How else would you teach our future generations what really happened June 6, 1944? Are my thoughts triggered by the fact I am the son of a Normandy veteran who was in the same Battalion as this picture? Maybe a little. However, we need to teach our kids what happened before historians (the men who were there) have all died.

Regardless of a person's opinion of the first amendment, I hold that amendment as sacred as the NRA does the second amendment. No matter what, nothing will convince me that KOCO did not have a duty to that amendment by not airing this major piece of history.

What happened to real patriotism and holding your head high with pride for what these people sacraficed to give us the greatest of gifts... The gift of freedom.

Keith
11-22-2004, 06:40 PM
Just because someone doesn't approve of the movie because of the content doesn't make them less patriotic. There are many movies on war that I won't watch because of the language and/or the violent content. I definitely would not want my kids watching it, however, that doesn't make me less patriotic.

I have friends that are over in Iraq, and I have many friends that have fought in the other wars, and I am very appreciative of them and I show it. I also donate to the vietnam veterans, and when I see someone that is wearing something that shows they served in the military, I personally shake their hand and thank them for what they did for me to have freedom.

Patrick
11-23-2004, 12:00 AM
Personally, it really doesn't make a difference to me. I do think someone needs to stand up and restrict some of what's being shown on television (because much of it is trash now), but it's really up to the networks. Personally, I respect the rights of those stations that wished now to air the film. They own the station and they're entitled to censor what they show. Station owners shouldn't be forced to show something they don't wish to show. Just as ABC had the 1st Amendment Right to show "Saving Private Ryan", I believe KOCO had the right not to distribute it if they wished not to.

Midtowner
11-23-2004, 07:39 AM
So, Mr. MidTowner, are you a parent? I didn't think so. My caregiver has been with me for years, and does try to regulate what the kids do. I should not have to buy a TV with a V-chip to protect my children from trash. BTW, NO, the networks are NOT doing my parenting for me or making my decisions, however, they are the ones making decisions on what they show on prime time. If programs like this should be blocked, then these programs should not be shown on network TV.

Consider this:

Saving Private Ryan -- historically accurate violence and strong language are used to paint an accurate picture of what really happened. Portrays patriotism, the ultimate sacrifice and the ultimate unselfishness. Apparently not okay to show.

vs.

Desperate Housewives -- almost softcore porn, showing adults behaving in selfish and often evil manners. Just fine to show.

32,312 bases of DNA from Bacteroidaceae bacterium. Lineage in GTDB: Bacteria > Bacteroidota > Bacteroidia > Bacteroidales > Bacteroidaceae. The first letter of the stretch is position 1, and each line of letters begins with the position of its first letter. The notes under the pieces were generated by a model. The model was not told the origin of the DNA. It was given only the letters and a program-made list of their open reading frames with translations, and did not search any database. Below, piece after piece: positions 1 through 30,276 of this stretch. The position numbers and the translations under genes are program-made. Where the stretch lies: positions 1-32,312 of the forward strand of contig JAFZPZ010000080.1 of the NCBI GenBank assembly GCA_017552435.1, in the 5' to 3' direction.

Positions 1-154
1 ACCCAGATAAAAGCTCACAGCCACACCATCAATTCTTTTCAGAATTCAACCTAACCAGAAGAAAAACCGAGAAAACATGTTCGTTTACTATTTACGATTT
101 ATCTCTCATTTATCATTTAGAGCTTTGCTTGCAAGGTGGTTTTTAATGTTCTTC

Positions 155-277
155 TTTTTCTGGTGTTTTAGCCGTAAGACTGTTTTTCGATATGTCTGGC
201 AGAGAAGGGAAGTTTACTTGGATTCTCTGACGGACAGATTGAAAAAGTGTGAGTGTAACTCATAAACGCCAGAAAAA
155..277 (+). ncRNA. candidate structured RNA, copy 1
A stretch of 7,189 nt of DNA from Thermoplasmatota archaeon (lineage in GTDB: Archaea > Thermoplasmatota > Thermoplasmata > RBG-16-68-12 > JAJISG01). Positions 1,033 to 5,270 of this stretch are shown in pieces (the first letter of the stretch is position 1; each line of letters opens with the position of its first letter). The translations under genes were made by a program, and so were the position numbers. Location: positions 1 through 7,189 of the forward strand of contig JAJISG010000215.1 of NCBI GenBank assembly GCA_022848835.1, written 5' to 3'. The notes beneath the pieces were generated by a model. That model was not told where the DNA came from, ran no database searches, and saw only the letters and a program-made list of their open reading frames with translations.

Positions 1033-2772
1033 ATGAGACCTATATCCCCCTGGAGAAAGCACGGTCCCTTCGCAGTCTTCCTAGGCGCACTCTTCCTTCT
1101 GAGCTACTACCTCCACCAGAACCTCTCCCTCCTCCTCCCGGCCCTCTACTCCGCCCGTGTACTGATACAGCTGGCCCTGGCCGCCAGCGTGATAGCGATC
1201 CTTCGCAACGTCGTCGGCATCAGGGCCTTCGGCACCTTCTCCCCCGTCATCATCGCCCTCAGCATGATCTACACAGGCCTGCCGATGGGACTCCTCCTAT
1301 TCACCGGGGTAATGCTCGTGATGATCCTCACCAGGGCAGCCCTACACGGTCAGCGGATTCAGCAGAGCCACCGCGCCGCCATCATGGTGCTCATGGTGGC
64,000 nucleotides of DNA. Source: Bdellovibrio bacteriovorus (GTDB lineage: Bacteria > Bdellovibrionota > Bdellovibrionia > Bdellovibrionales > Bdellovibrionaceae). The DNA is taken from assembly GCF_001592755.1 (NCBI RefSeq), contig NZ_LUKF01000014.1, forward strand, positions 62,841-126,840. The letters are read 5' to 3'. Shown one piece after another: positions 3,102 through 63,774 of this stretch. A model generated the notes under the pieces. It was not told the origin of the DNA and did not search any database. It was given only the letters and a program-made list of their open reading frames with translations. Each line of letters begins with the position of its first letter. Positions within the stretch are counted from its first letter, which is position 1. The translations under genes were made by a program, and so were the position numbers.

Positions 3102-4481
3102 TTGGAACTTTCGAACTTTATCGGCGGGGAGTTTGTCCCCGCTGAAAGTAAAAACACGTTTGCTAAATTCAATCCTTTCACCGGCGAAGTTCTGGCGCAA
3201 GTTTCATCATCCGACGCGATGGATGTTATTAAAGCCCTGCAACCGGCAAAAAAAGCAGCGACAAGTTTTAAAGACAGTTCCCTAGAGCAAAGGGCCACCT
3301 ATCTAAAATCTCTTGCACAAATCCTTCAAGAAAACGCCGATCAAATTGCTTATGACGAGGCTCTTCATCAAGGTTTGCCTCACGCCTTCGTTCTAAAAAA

Is our standard of okay vs. not okay going to be someone dropping an f-bomb? (which I don't believe happened in that movie anyhow). Yes though, if you think this objectionable TV is such a big deal, you are kind of a hypocrite if you don't have a TV with a v-chip.

Keith
11-23-2004, 08:23 AM
I'm with 1adam12. I also believe objectional TV is a big deal, but I don't feel that I should have to buy a TV with a V-chip just because the networks feel they have a right to show trash on TV. I have never seen Desperate Housewives, however, I have talked to friends who have seen it. I do agree that it is soft porn and is not fit for TV. Just like the incident before the Monday Night Football game a week ago where Terrell Owens was seduced by one of the "desperate housewives." That was uncalled for, and I do hope that ABC gets a very stiff fine for viewing that.

What has this society come to when networks show this kind of garbage on TV...and people enjoy watching it? When I was growing up, you would never even see a woman advertising underwear...while in her underwear. Now, we have Victoria's Secret on network TV showing their sexy and very revealing lingerie. Yeah, I know...that is what the remote is for..to turn the channel. Kids, though, are curious, so they will sit and watch.

so, should we just sit back and see how bad it can get, make sure all families get V-chips for their TV's, and say to the networks,"do what you want to do?" No, not me. If I see something objectional on TV from one of the networks, they will be hearing from me.

Midtowner
11-23-2004, 09:02 AM
Whoa Keith, Saving Private Ryan is 'garbage TV'? Is that the connection you're making?

I mentioned Desperate Housewives to demonstrate the hypocrisy in ABC's decision. SPR depicts the noblest and the most terrible parts of human nature at the same time. Everyone needs to understand our past and the sacrifices of previous generations. SPR is a great movie that depicts the best qualities of Americans.

That, and the Band of Brothers series.

Patrick
11-23-2004, 07:57 PM
Actually it wasn't ABC's decision, it was KOCO's. ABC will allow KOCO to pull a one time flick, but they won't allow them to pull a series and still keep their contract with the network.

Midtowner
11-24-2004, 08:03 AM
It is hypocrisy to allow the affiliate the discretion. To say we'll give you the choice so you can support "family values", yet continue to show a series like DH is indeed two-faced.

I have a problem with neither, but c'mon, their position is anything but consistant.